Wednesday, June 17, 2009

Addition By Subtraction Or The Sinking Of A Franchise?

The Denver Broncos have had some trouble in the past. A defensive back was shot to death on New Year's Eve, Travis Henry attempted to impregnate every woman in America, the team became obsessed with Cleveland Browns rejects, and there has been a different running back leading the team in rushing every year.

But there has never been an off-season so gravid with controversy and change than this one. The inexplicable off-season continues for the Denver Broncos as star wide receiver Brandon Marshall wants to follow Jay Cutler out of town. Remember back when the firing of Mike Shanahan was thought to be the biggest controversy for the Broncos this year?

This nonsense has to bother Broncos owner Pat Bowlen who has consistently been one of the NFL's most solid owners. He doesn't treat his team like it's simply a part of his investment portfolio (see the current San Francisco 49ers) nor does he attempt to use his team to stroke his ego (look no further than Oakland or Dallas). Yet Bowlen is the one who fired Shanahan and hired new head coach Josh McDaniels, so I guess ye reap what ye sow.

Now a
bout head coach McDaniels. This off-season is proving one of two things: he is a man wise beyond his years, or he is too inexperienced to hold down an NFL head coaching position and the Broncos are suffering for it. I'll expand on both:

Theor
y I- Josh McDaniels is wise and he's thinking into the future:
No one
is arguing the talents of Cutler and Marshall, they have been a top QB/WR tandem in all of football the past couple of years.

But the go
al is a Lombardi Trophy, not a passing title. And teams generally don't win Super Bowls with a quarterback who cries any time someone dares consider someone else might be better than him. McDaniels may have met Cutler and realized there was no way he had the mindset to lead a team through the grinder of the NFL playoffs (after all, McDaniels had spent time with Tom Brady in New England.)

So McDaniels makes a play for Matt Cassell and loses out to K.C. Cutler throws a hissy fit and McDaniels refuses to give in to the quarterback's whining because he knows that's not going to help the team win. Everything escalates and before you know it, Cutler is out of town. McDaniels didn't expect Cutler to be gone, but he wasn't going to let Cutler act like a diva.

Meanwhile, the Broncos got a quarterback who is less talented in Kyle Orton, but one who has spent his NFL life battling for his position thereby making him mentally tough. Plus, the Broncos got several extra draft picks to help build the team around Orton.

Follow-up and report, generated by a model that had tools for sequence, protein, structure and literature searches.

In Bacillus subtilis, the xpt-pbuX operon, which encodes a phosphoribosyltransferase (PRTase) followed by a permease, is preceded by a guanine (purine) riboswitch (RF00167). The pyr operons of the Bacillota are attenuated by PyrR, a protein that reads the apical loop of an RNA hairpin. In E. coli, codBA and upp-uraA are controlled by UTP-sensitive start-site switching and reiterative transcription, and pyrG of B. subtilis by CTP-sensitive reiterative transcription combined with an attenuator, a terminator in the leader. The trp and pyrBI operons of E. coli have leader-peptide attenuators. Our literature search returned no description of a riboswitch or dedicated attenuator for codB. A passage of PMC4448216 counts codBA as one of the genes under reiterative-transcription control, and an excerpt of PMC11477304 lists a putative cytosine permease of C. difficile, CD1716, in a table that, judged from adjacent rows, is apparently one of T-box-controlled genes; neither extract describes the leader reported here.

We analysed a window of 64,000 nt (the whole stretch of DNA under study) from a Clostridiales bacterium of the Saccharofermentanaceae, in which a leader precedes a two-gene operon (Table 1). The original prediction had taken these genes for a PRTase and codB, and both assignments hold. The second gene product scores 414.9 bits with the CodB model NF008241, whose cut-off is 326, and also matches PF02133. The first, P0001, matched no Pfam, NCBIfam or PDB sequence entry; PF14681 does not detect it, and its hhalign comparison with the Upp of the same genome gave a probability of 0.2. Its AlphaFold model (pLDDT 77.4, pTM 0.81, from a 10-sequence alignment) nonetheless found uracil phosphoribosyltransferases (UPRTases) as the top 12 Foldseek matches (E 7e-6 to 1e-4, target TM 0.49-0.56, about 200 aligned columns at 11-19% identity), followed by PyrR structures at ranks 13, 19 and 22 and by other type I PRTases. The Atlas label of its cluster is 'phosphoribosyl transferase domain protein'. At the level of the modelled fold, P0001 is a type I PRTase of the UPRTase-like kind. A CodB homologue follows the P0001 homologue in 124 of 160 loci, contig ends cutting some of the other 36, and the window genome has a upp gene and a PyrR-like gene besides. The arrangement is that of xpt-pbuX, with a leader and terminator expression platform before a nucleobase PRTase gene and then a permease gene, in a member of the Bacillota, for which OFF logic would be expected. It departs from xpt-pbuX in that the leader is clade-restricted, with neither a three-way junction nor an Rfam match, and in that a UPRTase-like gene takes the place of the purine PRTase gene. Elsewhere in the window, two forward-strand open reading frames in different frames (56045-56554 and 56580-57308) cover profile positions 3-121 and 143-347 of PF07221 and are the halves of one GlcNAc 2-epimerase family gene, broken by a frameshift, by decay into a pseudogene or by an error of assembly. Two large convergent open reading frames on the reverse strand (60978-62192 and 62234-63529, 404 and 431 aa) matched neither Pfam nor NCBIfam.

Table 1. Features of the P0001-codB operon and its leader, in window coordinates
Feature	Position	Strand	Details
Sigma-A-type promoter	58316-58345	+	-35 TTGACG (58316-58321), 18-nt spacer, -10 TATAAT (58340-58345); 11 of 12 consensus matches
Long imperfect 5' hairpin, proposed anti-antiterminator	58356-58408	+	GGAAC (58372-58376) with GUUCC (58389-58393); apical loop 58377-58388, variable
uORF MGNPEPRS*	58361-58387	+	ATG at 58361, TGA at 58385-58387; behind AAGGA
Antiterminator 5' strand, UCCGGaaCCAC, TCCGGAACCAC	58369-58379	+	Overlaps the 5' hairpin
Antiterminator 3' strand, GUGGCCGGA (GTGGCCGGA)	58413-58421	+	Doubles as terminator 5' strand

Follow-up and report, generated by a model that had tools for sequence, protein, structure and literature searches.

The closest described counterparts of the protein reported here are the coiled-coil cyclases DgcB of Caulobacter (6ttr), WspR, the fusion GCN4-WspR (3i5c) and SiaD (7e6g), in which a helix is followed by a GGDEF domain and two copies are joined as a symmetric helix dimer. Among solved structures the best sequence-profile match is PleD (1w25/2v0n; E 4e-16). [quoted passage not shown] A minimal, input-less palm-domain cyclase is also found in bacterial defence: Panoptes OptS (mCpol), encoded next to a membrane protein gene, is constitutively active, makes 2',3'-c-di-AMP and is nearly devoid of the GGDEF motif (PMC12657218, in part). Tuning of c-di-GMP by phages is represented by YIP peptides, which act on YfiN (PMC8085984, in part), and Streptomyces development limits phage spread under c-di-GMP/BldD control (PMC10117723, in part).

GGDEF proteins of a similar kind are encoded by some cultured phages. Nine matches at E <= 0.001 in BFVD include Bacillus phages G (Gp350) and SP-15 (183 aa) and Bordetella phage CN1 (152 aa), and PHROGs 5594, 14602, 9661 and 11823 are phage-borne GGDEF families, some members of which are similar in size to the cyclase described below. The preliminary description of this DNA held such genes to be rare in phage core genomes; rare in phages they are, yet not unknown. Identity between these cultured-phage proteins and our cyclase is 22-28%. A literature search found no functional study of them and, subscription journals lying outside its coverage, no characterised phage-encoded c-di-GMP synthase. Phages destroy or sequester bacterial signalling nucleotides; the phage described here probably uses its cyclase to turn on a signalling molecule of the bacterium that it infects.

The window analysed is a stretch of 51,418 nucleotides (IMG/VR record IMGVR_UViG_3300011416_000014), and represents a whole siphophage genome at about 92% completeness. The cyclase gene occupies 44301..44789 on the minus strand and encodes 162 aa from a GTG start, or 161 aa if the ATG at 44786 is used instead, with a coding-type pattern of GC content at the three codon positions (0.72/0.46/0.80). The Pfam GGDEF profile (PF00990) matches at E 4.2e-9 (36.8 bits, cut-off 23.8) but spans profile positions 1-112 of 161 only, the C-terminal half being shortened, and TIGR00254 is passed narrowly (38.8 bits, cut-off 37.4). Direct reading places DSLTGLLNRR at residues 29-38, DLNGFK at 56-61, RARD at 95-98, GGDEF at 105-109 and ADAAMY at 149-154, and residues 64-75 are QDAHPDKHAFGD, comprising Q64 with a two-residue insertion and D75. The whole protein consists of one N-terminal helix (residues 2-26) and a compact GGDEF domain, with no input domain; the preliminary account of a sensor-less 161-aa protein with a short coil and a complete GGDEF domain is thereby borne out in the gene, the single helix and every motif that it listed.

Brandon Marshall should probably concentrate more on staying off the police short list before he starts demanding trades. The receiver is super talented, yet he possesses that crazy gene that several wideouts have.

If Marshall goes, the Broncos will get even more draft picks which the team can use to shore up various other positions. Within three years the Broncos will change from a team that has to win track meet type games because it has a high octane passing offense, but nothing else to a well-balanced machine that has a ball control offense and a precision passing game accompanied by a young talented defense. Just like McDaniels wanted.

or

Theory II- McD
aniels is in over his head and his shenanigans will cost the Broncos:
McDaniels reminds me a bit too much of Lane Kiffin. Both are young, aggressive coaches who are smart about the X's and O's in football, but have zero ability to manage people.

In his zeal to prove he belongs as a head coach in the NFL, McDaniels may be rubbing multiple Broncos the wrong way. Here is this little pup who is actually younger than several of the players and he's tossing teammates around like he's playing John Madden Football on his Playstation.

NFL coaches have a room full of egos to manage and the smart ones understand the effects brash
moves will have on a team and not just on the roster. McDaniels may have seen Bill Bellichick drop players he didn't like without blinking, but Bellichick spent a decade as one of the best defensive coordinators in football. He had some clout. McDaniels does not and he needs to understand that he has to prove himself to his team as well as vice versa.

I give McDaniels credit for making some big moves during his early stay in Denver. I just hope he has properly thought these moves through before he destroys his NFL career before it begins.

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